Badiou: A Subject To Truth

Badiou: A Subject To Truth

Peter Hallward

Language: English

Pages: 512

ISBN: 0816634610

Format: PDF / Kindle (mobi) / ePub


Alain Badiou is one of the most inventive and compelling philosophers working in France todayOCoa thinker who, in these days of cynical resignation and academic specialization, is exceptional in every sense. Guided by disciplines ranging from mathematics to psychoanalysis, inspired as much by Plato and Cantor as by Mao and Mallarm(r), BadiouOCOs work renews, in the most varied and spectacular terms, a decidedly ancient understanding of philosophyOCophilosophy as a practice conditioned by truths, understood as militant processes of emancipation or transformation.
This book is the first comprehensive introduction to BadiouOCOs thought to appear in any language. Assuming no prior knowledge of his work, it provides a thorough and searching overview of all the main components of his philosophy, from its decisive political orientation through its startling equation of ontology with mathematics to its resolute engagement with its principal competition (from Wittgenstein, Heidegger, and Deleuze, among others). The book draws on all of BadiouOCOs published work and a wide sampling of his unpublished work in progress, along with six years of correspondence with the author.a
Peter Hallward pays careful attention to the aspect of BadiouOCOs work most liable to intimidate readers in continental philosophy and critical theory: its crucial reliance on certain key developments in modern mathematics. Eschewing unnecessary technicalities, Hallward provides a highly readable discussion of each of the basic features of BadiouOCOs ontology, as well as his more recent account of appearance and OC being-there.OCO
Without evading the difficulties, Peter Hallward demonstrates in detail and in depth why BadiouOCOs ongoing philosophical project should be recognized as the most resourceful and inspiring of his generation.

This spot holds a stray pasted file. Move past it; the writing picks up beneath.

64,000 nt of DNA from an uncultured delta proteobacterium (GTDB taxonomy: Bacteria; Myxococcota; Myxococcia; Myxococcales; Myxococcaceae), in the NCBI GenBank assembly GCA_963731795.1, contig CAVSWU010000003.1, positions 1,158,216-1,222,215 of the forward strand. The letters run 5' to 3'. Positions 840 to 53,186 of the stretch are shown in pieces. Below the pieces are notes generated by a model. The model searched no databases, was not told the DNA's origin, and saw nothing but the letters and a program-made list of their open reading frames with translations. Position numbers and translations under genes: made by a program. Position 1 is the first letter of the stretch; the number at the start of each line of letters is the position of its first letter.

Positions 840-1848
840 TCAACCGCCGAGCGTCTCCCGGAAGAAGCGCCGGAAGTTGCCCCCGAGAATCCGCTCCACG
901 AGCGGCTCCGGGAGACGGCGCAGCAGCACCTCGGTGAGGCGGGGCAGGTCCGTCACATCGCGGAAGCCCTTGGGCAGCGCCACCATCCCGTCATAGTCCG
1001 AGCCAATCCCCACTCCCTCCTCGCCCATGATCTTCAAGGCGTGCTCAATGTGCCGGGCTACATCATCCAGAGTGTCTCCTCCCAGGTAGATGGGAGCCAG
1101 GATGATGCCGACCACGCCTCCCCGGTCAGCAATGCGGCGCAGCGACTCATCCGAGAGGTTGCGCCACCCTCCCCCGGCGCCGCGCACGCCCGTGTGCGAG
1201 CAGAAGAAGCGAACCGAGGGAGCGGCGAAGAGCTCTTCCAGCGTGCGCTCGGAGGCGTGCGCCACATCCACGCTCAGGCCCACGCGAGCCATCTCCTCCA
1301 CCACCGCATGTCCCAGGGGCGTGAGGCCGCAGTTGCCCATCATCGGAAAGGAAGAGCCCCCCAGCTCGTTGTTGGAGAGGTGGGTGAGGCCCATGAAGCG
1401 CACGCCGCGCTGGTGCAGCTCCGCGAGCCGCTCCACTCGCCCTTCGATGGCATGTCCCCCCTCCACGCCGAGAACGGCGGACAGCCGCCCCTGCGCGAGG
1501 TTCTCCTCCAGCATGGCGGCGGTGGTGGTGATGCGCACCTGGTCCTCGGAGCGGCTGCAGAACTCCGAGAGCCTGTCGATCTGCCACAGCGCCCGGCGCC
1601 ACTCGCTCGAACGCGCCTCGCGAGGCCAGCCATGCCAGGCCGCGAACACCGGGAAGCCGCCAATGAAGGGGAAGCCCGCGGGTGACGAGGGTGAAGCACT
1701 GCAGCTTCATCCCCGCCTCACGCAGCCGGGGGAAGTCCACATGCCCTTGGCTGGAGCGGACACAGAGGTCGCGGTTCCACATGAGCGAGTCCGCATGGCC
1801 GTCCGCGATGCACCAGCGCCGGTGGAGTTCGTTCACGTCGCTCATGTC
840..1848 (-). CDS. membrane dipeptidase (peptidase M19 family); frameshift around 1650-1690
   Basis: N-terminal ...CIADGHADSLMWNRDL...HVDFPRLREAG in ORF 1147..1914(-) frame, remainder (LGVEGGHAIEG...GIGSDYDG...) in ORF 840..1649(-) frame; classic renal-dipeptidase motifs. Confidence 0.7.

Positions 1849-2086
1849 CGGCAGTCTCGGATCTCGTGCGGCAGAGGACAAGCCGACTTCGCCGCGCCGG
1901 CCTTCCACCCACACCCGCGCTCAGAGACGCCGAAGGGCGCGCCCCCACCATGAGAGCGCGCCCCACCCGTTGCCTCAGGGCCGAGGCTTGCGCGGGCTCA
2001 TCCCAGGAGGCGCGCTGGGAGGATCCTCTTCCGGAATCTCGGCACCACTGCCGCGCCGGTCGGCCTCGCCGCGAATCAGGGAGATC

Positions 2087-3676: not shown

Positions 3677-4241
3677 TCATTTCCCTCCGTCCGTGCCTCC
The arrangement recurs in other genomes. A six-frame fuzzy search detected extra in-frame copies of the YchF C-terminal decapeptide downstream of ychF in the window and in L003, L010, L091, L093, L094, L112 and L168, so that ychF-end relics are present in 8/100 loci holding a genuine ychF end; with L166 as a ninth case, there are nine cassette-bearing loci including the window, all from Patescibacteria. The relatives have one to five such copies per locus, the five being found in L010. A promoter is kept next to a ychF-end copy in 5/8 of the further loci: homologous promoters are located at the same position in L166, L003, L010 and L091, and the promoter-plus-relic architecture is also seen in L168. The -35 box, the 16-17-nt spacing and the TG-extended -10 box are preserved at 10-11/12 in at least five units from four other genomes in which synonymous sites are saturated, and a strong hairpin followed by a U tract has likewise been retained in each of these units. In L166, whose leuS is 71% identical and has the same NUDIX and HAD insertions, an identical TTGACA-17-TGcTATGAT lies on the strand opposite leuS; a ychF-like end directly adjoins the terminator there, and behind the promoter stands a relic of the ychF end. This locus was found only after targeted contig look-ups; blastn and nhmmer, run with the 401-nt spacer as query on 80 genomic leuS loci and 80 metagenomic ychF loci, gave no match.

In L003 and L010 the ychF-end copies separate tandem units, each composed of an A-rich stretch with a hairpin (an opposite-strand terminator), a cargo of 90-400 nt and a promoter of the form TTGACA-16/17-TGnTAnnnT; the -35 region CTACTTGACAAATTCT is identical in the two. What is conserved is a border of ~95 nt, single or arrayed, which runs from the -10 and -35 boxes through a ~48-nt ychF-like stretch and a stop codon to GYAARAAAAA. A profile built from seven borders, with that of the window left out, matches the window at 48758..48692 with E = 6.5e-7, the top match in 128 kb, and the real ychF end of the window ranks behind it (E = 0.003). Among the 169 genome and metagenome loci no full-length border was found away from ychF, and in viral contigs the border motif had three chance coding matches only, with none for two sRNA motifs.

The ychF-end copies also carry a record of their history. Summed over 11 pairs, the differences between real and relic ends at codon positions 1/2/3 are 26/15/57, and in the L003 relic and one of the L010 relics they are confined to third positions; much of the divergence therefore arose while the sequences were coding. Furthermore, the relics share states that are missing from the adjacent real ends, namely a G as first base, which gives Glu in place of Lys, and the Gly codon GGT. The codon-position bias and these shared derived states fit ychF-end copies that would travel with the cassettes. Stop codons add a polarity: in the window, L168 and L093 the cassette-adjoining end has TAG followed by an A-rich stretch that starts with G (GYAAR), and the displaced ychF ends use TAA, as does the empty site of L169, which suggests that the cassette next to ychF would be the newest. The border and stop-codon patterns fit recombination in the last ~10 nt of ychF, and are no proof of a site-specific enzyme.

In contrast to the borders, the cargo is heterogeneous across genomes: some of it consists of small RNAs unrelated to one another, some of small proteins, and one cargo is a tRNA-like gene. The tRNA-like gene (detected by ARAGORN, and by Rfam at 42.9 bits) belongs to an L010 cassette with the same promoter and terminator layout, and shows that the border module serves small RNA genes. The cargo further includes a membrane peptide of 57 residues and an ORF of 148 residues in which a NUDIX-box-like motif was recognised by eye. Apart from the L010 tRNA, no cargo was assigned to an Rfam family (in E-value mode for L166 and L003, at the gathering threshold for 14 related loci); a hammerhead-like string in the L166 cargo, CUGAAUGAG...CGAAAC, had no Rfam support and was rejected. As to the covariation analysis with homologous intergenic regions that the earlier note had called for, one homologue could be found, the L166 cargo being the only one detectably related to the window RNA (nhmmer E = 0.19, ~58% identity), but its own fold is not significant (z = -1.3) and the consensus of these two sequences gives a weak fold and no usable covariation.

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declaration, and the active consequences that follow from it" (AM, l l 8). The instances or modes of so exalted an understanding of politics are rare by definition. Badiou's friend Sylvain Lazarus has devoted much of his energy to their formulation and classification.13 Four stand out. First, the revolutionary or Jacobin mode, operative from 1 792-94 and conceived in particular by Saint-Just. The Jacobins understood the revolution in purely political terms, and not as a historical category or

20. EE, 471 . It is the radically axiomatic status of Badiou's conception of the that which has no meaning" (Jacques Lacan, "Le Seminaire XXI," 1 1 Dec. 1973, subject-as distinct from Descartes's still semi-intuitive cogito--that escapes, at in Bruce Fink, The Lamnian Subject: Between Language and Jouissance, 1 2 1 ) . least up to a point, Kant's famous objection to Descartes' direct deduction of being from thought (Immanuel Kant, Critique ofPure Reason, B422-23). 2 1 . Badiou, "Dix-neuf

their internally consis­ tent manipulation. Mathematical operations are performed upon a domain whose reality may never be exhausted by these operations. Orthodox mathe­ matical Platonists hold that a theorem is actually true or false, independent of the available means of proving it so. For instance, Kurt Godel, the most celebrated Platonist of recent times, defends the self-evident quality of the set theory axioms, grasped via an assumed faculty of mathematical intuition every bit as basic and

the traditional ontotheological conclu­ yond" any such presentation. At the limits of being there is only inconsisten­ sion that what is "revealed" in the pure presentation of presentation is only a cy, that is, nothing. In other words, there simply is no limit. And since there is no limit, it must be all being that is inconsistent. In the absence of any quasi-divine beyond-inconceivable plenitude, or creativity, the clearing or letting be of Being-which defies structured, systematic

concerned, nothing at all belongs (and that in­ cludes nothing other than an empty name and the indistinguishable inhabitants of the evental site). What a truth does, then, is proceed to flesh out the referential space to which it lays its initially mean­ ingless claim: element by element, investigation by investigation, it will add to � those elements of S that connect positively to the event's implications, and it will do so in such a way that these new 132 I Subject and Event groupings of

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